Role of tight junction proteins in gastroesophageal reflux disease
- Equal contributors
1 Department of Gastroenterology, Hepatology and Infectious Diseases, Otto-von-Guericke University, Magdeburg, Leipziger Str. 44, Magdeburg, 39120, Germany
2 current address: Department of Gastroenterology, Hepatology, and Infectious Diseases Marienhospital, Bottrop, 46236, Germany
3 Institute of Pathology, Otto-von-Guericke University, Leipziger Str. 44, Magdeburg, D-39120, Germany
4 Institute of Biometrics and Medical Informatics, Otto-von-Guericke University, Leipziger Str. 44, Magdeburg, D-39120, Germany
BMC Gastroenterology 2012, 12:128 doi:10.1186/1471-230X-12-128Published: 20 September 2012
Gastroesophageal reflux disease (GERD) is associated with impaired epithelial barrier function that is regulated by cell-cell contacts. The aim of the study was to investigate the expression pattern of selected components involved in the formation of tight junctions in relation to GERD.
Eighty-four patients with GERD-related symptoms with endoscopic signs (erosive: n = 47) or without them (non-erosive: n = 37) as well as 26 patients lacking GERD-specific symptoms as controls were included. Endoscopic and histological characterization of esophagitis was performed according to the Los Angeles and adapted Ismeil-Beigi criteria, respectively. Mucosal biopsies from distal esophagus were taken for analysis by histopathology, immunohistochemistry and quantitative reverse-transcription polymerase chain reaction (RT-PCR) of five genes encoding tight junction components [Occludin, Claudin-1, -2, Zona occludens (ZO-1, -2)].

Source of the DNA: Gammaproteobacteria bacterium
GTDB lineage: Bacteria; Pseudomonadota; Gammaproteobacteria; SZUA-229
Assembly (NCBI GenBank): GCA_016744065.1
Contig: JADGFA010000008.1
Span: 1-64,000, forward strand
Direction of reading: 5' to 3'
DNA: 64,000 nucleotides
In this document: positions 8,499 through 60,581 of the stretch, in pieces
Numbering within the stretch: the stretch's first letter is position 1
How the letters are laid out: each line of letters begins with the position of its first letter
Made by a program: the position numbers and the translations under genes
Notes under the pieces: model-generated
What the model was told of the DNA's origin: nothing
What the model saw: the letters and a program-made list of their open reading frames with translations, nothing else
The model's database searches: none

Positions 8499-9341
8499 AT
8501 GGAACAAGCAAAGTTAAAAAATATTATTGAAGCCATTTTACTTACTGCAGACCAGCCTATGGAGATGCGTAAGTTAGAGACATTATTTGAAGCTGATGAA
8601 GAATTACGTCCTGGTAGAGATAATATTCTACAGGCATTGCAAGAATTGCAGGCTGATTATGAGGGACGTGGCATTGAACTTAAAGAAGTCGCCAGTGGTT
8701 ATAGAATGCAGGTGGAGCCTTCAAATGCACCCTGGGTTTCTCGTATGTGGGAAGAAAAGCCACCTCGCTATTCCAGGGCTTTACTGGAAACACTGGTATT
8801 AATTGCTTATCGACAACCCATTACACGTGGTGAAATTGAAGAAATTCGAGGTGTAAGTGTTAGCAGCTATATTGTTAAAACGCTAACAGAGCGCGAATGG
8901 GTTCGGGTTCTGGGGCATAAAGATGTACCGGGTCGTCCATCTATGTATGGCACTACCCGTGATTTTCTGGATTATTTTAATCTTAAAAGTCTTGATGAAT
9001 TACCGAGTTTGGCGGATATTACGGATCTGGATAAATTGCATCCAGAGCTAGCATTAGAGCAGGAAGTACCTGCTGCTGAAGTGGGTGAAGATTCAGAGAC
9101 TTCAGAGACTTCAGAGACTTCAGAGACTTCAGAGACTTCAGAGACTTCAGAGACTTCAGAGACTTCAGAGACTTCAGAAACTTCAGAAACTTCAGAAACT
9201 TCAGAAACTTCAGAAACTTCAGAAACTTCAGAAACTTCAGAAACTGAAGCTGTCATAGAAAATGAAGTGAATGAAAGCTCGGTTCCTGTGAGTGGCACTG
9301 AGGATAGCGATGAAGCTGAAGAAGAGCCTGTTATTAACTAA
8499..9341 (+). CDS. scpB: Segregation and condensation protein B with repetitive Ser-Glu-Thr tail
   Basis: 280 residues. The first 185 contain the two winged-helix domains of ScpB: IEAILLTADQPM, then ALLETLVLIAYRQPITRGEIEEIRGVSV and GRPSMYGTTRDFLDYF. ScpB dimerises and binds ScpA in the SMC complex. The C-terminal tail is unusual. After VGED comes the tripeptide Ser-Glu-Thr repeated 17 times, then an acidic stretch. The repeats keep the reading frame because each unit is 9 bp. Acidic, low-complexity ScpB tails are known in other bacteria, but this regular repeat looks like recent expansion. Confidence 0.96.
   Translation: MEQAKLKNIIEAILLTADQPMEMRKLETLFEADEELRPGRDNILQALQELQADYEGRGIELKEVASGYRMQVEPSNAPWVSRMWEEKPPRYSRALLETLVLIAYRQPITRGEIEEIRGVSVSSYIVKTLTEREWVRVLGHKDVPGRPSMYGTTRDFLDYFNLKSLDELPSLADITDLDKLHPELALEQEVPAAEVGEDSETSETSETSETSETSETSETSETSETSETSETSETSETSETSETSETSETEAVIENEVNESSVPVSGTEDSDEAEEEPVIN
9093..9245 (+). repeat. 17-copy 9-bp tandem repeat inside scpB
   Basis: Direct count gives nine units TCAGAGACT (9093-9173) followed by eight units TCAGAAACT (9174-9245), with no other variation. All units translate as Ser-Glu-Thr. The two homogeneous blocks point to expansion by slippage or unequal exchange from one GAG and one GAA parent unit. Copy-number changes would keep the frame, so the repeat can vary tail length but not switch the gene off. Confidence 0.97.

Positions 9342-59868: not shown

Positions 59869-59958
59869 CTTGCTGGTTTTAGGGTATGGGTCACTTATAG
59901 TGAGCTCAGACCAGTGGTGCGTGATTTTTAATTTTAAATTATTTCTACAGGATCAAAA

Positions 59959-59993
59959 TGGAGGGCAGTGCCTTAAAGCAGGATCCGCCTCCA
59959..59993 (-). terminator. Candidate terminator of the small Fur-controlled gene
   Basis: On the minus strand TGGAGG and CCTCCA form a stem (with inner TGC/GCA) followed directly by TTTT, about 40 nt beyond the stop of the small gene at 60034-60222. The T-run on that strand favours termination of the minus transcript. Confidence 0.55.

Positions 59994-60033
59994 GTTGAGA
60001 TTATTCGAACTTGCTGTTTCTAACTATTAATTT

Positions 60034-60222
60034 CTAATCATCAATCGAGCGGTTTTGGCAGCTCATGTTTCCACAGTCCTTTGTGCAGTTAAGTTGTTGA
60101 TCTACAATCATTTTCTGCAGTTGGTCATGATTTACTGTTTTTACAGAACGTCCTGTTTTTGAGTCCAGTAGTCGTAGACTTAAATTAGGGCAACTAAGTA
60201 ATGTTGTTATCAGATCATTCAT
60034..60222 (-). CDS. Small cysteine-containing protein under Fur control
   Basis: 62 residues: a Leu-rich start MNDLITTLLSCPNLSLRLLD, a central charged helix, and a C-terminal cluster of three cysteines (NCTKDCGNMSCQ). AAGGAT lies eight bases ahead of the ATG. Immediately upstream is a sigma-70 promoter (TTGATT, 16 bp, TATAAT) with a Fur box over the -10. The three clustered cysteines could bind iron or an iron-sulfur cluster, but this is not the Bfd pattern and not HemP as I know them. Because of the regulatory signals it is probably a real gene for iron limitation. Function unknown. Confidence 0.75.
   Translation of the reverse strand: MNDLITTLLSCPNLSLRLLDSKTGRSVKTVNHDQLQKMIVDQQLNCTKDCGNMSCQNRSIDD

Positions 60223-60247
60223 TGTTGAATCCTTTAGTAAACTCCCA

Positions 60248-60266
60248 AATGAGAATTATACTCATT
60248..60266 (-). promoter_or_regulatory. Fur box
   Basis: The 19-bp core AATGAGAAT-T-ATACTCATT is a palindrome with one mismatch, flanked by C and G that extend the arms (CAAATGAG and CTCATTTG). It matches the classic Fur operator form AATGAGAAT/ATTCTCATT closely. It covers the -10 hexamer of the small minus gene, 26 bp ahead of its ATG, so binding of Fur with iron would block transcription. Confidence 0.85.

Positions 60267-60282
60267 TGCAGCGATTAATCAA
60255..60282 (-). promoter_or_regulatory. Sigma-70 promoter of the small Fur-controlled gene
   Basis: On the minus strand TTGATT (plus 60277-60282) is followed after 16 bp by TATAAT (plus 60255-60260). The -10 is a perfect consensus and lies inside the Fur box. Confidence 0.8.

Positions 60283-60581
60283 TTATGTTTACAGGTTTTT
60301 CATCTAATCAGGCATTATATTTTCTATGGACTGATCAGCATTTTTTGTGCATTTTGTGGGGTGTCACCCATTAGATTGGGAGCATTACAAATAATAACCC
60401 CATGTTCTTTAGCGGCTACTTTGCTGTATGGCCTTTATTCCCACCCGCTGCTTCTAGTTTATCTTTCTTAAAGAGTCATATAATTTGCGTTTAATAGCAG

Histopathology confirmed GERD-specific alterations as dilated intercellular spaces in the esophageal mucosa of patients with GERD compared to controls (P < 0.05). Claudin-1 and −2 were 2- to 6-fold upregulation on transcript (P < 0.01) and in part on protein level (P < 0.015) in GERD, while subgroup analysis of revealed this upregulation for ERD only. In both erosive and non-erosive reflux disease, expression levels of Occludin and ZO-1,-2 were not significantly affected. Notably, the induced expression of both claudins did not correlate with histopathological parameters (basal cell hyperplasia, dilated intercellular spaces) in patients with GERD.
Taken together, the missing correlation between the expression of tight junction-related components and histomorphological GERD-specific alterations does not support a major role of the five proteins studied in the pathogenesis of GERD.